If I were to ask your parent how they like to get their news, there is a large chance they would say television. While most Americans can identify bias on the television news networks we are all familiar with, new media can become harder to see through because it takes time to get used to and to fully understand.
One such new media is the internet. Since its commercial release in 1995, the internet has been constantly evolving and adjusting to fit its place in society. The rise of social networks illustrates the changing environment of the internet. Today, 80 percent of American adults get their news often from online sources.
So, where do you get your information? More than likely, as an 18 to 29 year old at university, you get your news from social media. Two-thirds of all Facebook users reportedly get their news from the social network. The dangerous side to this is that 64 percent of social media news consumers only get their news from one site, where their feed becomes their sole news aggregator.
Having single sources for one’s information can lead to a very one-sided frame of mind, thus warping one’s views. Political scientists have a theory about rooms of like-minded people that, given little to no difference in opinions among a group, that group is likely to become more ideologically extreme. This has been observed in both conservative and liberal groups, each becoming more extreme. These groups are called echo chambers.
There have been many recent studies about the digital hyper-partisan echo chambers that exist on social media. Most recently, Buzzfeed News published an analysis of Facebook pages. They took six large hyper-partisan Facebook pages selected from the right and from the left and three large mainstream pages. They found that the more partisan or misleading a post was, the more shares, reactions, and comments it generated on Facebook. This amplifies the effects of political radicalization, on both sides of the political spectrum, and further polarizes an already toxic partisan environment that ails America.
Even the news that Facebook recommends to users fuels misinformation. There were unsubstantiated accusations earlier this year that criticized Facebook of suppressing conservative sources on its Trending Topics tab. The accusations were confusing human “news curators” with an indiscriminate algorithm.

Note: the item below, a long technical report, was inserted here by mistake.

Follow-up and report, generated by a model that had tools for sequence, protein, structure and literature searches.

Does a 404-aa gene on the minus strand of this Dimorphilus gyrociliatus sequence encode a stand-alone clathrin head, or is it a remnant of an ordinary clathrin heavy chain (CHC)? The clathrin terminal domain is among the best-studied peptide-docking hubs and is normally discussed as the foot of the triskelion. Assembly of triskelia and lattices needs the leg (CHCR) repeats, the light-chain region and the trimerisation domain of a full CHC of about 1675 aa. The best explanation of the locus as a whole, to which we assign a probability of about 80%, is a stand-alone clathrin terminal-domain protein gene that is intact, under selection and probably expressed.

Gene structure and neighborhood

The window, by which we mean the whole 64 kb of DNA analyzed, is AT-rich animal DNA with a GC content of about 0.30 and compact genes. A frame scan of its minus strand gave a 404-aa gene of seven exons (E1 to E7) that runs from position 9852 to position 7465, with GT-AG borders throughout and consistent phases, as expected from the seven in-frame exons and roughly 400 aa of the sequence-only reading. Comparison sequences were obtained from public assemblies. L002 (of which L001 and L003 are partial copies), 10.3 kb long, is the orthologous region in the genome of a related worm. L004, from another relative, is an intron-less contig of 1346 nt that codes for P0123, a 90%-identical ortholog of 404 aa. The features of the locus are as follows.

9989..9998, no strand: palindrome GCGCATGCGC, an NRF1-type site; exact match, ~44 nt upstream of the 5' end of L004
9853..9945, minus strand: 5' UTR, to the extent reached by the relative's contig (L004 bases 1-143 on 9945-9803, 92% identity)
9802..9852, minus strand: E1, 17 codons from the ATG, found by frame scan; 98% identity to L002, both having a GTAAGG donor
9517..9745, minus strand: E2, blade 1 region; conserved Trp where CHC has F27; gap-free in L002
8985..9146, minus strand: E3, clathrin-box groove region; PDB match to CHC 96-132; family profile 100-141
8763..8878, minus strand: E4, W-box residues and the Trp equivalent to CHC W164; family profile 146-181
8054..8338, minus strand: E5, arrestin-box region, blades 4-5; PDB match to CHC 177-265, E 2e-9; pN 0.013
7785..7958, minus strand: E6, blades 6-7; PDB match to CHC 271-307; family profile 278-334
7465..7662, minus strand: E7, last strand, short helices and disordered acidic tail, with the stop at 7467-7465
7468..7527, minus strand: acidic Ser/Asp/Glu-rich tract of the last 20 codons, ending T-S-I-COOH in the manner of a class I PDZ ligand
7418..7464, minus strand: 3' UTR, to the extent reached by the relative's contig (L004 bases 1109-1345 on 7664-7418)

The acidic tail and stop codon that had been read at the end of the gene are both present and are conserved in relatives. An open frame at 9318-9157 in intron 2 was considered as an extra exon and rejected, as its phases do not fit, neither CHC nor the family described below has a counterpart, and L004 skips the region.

The system works by logging the number of mentions of a topic and the level of engagement the posts received to identify trends. The system runs solely on the algorithm, leaving the Trending Topics tab to repeatedly pedal conspiracy theories and highlight articles with inaccurate or false information. Simply put, algorithms cannot choose reliable sources, and Facebook’s Trending Topics tab is a marked example of such. It comes down to the dire need for fact-checking on the internet.
Fact-checking has been a growing field, with considerably more importance under the circumstances of the 2016 presidential election. Google has recently integrated fact checking with their Google News service. Richard Gingras, Google’s head of news, announced, “We’re excited to see the growth of the Fact Check community and to shine a light on its efforts to divine fact from fiction, wisdom from spin.” Tags have now been implemented under the titles of news articles in a Google search, linking to relevant fact checks by independent fact-checking organizations. Facebook, while becoming an increasingly important news aggregate, has yet to implement such a system.
This proposal of factual analysis comes from the idea of checks and balances. While the press is not a branch of government, it is the role of journalism within the freedoms in American democracy is to serve as a check and balance to power and politics. The press serves the role of watchdog, and aims to inform the populace, to discern fact from fiction.
Troyer is a freshman political science and journalism major from Florida.